State of the State: Gun Violence in Arizona
At a Glance:
On January 8, 2011, Rep. Gabby Giffords was shot while meeting with constituents in her hometown of Tucson, Arizona. The shooter killed six people and wounded 13 others. Since then, thousands more have died, yet no legislation has been passed since.
Here are the facts: gun violence has a real, fatal impact on our state.
What are the Solutions?
Particularly in Arizona, such conversations are needed given we are ranked 11th in gun violence and crime. Statewide, a child is shot every 5 days, while someone dies every 9 hours. The impacts are deadly and reforms like background checks, STOP Orders, and more emotional support in schools can have a drastic impact. As we march in the streets, occupy our legislature, and register to vote, change is happening and we must stay focused on solutions that work.
responsible gun ownership + Child access prevention
The presence of unlocked guns in the home increases the risk of unintentional gun injuries and intentional shootings — especially suicides. A 1999 study found that more than 75% of the guns used in youth suicide attempts and unintentional injuries were stored in the residence of the victim, a relative, or a friend.4 Several studies have shown that the risk of suicide increases in homes where guns are kept loaded and/or unlocked.5 In fact, nearly 1/3 of child firearm-related deaths utilized an unsecured weapon.
Unsecured firearms in the home also play a role in deadly school shootings. In July 2004, the US Secret Service and US Department of Education published a study examining 37 school shootings from 1974-2000 that found that in more than 65% of cases, the attacker got the gun from his or her own home or that of a relative.
Legally requiring, or at the least encouraging, safe storage of weapons and the usage of gun locks could have saved over 237 lives over the last 10 years alone.
universal background checks
Looking to other states, it is clear background checks do have an impact on not only casualties, but crime and the illegal gun trade. For example, Missouri repealed its permit-to-purchase handgun law in 2007, which required background checks. Afterwards, its gun homicide rate increased by 25%, crime guns recovered in-state grew 25%, and its crime guns recovered within two years of their original sale increase by 50%, an indicator of gun trafficking.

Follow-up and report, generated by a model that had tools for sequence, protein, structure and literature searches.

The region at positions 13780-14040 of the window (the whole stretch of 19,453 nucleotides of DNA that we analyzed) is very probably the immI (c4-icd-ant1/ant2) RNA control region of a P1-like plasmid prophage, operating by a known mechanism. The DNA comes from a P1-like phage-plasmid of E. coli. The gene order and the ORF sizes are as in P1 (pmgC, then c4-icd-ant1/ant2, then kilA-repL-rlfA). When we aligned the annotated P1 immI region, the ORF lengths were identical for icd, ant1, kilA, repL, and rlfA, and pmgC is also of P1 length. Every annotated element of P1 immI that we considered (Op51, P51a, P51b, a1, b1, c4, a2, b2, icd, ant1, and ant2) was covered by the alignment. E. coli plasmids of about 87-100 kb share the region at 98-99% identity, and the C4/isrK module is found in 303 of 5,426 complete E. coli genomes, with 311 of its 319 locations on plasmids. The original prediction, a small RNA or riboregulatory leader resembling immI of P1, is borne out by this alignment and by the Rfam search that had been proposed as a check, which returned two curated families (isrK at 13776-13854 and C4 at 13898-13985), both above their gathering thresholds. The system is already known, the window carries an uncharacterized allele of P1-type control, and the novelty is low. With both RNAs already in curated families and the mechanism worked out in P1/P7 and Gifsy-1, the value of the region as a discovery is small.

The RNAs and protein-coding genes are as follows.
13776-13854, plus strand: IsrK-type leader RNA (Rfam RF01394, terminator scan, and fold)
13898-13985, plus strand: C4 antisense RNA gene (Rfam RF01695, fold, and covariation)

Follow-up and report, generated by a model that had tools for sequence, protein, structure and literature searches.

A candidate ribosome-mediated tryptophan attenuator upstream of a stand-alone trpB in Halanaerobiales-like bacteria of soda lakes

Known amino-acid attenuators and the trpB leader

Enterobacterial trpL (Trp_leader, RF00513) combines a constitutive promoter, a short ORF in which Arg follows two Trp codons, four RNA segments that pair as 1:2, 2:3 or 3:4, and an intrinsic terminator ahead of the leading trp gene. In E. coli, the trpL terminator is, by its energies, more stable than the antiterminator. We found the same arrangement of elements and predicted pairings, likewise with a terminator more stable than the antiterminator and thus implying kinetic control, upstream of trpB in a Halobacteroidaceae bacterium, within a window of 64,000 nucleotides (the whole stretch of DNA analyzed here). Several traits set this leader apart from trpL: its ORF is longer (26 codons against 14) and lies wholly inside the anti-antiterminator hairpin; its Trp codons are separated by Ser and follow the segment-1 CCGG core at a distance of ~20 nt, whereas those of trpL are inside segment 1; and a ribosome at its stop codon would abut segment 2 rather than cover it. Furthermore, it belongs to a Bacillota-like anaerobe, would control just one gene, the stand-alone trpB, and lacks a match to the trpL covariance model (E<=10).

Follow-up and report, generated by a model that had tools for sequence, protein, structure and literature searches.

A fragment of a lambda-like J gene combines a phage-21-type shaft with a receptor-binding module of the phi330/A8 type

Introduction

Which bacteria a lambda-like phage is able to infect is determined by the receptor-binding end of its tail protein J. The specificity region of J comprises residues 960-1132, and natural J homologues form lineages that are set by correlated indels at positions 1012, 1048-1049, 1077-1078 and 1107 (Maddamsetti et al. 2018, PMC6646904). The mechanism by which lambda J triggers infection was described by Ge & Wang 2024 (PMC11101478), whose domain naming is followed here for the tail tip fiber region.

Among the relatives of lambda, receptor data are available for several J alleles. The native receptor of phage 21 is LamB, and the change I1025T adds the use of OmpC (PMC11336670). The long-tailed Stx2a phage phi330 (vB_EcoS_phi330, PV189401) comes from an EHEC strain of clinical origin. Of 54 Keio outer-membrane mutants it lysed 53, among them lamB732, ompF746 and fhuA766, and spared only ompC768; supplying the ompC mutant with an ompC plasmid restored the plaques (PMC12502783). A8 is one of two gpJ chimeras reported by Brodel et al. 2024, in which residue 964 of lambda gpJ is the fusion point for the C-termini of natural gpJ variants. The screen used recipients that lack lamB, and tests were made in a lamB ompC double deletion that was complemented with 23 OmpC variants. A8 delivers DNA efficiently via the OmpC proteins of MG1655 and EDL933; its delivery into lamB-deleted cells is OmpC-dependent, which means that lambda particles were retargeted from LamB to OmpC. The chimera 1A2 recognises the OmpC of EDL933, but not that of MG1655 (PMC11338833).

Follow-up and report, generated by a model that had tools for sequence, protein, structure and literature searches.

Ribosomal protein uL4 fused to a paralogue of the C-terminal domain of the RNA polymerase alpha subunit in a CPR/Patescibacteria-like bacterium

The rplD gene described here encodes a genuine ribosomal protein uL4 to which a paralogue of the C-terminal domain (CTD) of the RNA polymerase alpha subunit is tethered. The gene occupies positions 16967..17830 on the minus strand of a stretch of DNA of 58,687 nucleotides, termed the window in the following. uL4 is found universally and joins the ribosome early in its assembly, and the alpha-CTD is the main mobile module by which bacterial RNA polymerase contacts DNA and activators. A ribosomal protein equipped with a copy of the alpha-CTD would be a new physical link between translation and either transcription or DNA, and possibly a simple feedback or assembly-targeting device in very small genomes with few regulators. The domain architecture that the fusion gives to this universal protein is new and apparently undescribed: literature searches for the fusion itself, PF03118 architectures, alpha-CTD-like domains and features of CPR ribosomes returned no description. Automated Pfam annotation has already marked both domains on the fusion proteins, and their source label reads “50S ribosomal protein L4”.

On the reverse, Connecticut’s gun homicide rate dropped 40% and gun suicide rate dropped 15% following the implementation of a permit-to-purchase handgun law which required a background check to purchase a handgun from any seller. Drops, and conversely raises, in gun homicides and suicides show that background checks are an effective solution to the gun violence that kills someone in Arizona every 9 hours.
Arizona currently lacks any background check requirements. Although background checks are required for federally licensed dealers, there are no regulations on personal sales or gun shows.
Emotional health support
In Arizona, according to the Arizona Health Department, nearly 40% of firearm related deaths among children are suicides. Given this, an effective solution to curb nearly half of all deaths are appropriately funding social workers and counselors.
School counselors and social workers play an integral role in preventing and addressing, suicide, depression, and bullying. - all things that can lead to violence. Supporting such staff can prevent individual students in school from reaching the climatic point of shooting themselves or others. Appropriating adequate funds, though, is an issue that Arizona has yet to address. Currently, Arizona has a 900:1 counselor to student ratio while the recommended is 250:1. This large disparity stunts the effectiveness of current counselors to prevent suicide and possible homicide within their campuses.
Extreme Risk Protection Orders enable allow families, as well as law enforcement officers, to petition a court to remove a person’s access to guns if they pose an imminent danger to themselves or others. In many shootings and suicides shooters show clear signs of distress. Nationally, 54% of mass shooters displayed clear early warning signs.
In states that implement such policies, Everytown reports that, on average, for every 10.5 guns temporarily seized, one life is saved.